And only Carter has wrestled with this in the post-presidency, largely outside of the market.

Neoliberal structure encourages liberals to retreat to safe spaces created by the market. If market "choice" can provide safe schools or healthcare or water or transport for someone, they're less inclined to demand society provide these things for whom "choice" has failed.

So, I fear Obama TV will encourage a neoliberal retreat for liberals to choose to have President Obama on Netflix, even as Trump runs rampant IRL running over the rest of us who can't much retreat to safety...

..and we can only wonder what Obama TV would have looked like if, perhaps, 44 had shown up on the public airwaves sometime, marching with ADAPT or BLM.

Mind you, I am not thinking about this as a character flaw in the Obamas as such. The presidency, post-presidency, the Obamas & all of us are formed by neoliberal logic. It's the dominant frame of our polticual consciousness.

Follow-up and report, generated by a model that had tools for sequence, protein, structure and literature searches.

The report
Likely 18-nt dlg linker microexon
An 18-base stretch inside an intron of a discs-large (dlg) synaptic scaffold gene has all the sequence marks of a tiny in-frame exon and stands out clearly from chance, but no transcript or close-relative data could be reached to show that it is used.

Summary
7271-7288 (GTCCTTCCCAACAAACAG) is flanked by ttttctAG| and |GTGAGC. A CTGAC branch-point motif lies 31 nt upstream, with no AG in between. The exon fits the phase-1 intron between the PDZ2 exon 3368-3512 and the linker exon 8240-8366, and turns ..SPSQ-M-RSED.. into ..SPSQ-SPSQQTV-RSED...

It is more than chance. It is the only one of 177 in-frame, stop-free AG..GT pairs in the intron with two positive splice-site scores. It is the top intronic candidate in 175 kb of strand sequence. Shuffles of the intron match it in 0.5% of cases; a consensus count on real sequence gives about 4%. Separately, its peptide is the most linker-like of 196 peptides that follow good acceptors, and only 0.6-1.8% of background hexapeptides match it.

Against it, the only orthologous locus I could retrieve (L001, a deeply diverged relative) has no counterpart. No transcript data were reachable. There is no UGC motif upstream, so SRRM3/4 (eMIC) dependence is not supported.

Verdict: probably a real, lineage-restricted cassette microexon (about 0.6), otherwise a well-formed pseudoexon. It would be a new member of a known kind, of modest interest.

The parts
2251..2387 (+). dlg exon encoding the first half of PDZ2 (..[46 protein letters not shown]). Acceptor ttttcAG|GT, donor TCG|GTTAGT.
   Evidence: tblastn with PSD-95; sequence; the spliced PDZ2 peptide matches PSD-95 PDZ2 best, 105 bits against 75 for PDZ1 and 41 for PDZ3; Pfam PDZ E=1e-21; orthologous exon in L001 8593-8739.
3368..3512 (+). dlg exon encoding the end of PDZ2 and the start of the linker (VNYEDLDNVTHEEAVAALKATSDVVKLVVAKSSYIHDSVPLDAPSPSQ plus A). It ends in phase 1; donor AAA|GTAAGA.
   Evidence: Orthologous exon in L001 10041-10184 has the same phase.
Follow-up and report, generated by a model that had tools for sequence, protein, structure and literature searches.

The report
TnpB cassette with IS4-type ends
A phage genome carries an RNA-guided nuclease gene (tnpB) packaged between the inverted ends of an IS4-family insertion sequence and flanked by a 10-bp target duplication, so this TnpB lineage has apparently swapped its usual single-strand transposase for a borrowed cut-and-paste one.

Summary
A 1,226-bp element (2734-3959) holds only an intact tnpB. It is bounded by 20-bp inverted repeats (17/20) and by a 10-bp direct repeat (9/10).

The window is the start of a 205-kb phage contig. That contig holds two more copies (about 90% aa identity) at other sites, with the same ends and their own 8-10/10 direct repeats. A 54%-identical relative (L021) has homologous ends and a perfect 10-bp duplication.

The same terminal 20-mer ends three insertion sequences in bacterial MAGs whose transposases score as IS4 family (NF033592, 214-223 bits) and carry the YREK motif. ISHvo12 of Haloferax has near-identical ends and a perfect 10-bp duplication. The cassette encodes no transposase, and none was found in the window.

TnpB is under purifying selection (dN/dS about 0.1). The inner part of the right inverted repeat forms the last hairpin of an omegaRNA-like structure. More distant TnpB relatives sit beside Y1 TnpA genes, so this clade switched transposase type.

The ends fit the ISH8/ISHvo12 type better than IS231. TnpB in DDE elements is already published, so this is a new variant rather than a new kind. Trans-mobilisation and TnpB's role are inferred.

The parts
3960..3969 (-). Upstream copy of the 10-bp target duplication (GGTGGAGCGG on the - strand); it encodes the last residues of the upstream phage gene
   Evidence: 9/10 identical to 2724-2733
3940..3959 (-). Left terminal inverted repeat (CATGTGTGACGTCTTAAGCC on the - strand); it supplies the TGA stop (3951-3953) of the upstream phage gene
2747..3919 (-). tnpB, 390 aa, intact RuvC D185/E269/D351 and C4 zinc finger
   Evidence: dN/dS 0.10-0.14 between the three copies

But it's still distressing."
steventhrasher  barackobama  jimmycarter  hillaryclinton  neoliberalism  2018  ntflix  uber  lyft  airbnb  siliconvalley  corruption  markets  finance  banking  inequality  privatization  race  habitatfohumanity  money  politics  scotus  democrats  liberation  philanthropy  arneduncan  chicago  schools  education  batsydefos  rttt  davidplouffee  natalifoster  michaelmasserman  grit  poverty  society  publicservice  charterschools 
may 2018 by robertogreco
Radiolab Presents: More Perfect | WNYC
"How does an elite group of nine people shape everything from marriage and money, to safety and sex for an entire nation? Radiolab's first ever spin-off series, More Perfect, dives into the rarefied world of the Supreme Court to explain how cases deliberated inside hallowed halls affect lives far away from the bench. Produced by WNYC Studios."
radiolab  podcasts  history  scotus  supremecourt  us  law 
july 2016 by robertogreco
'No School in the Country Has Ever Done it'
[See also:
“Latino School Segregation: The Big Education Problem That No One Is Talking About”
http://www.huffingtonpost.com/entry/latino-school-segregation_561d70a5e4b050c6c4a34118 ]

"Mario Koran: Based on your research, what impact does neighborhood schooling tend to have on school districts’ integration efforts?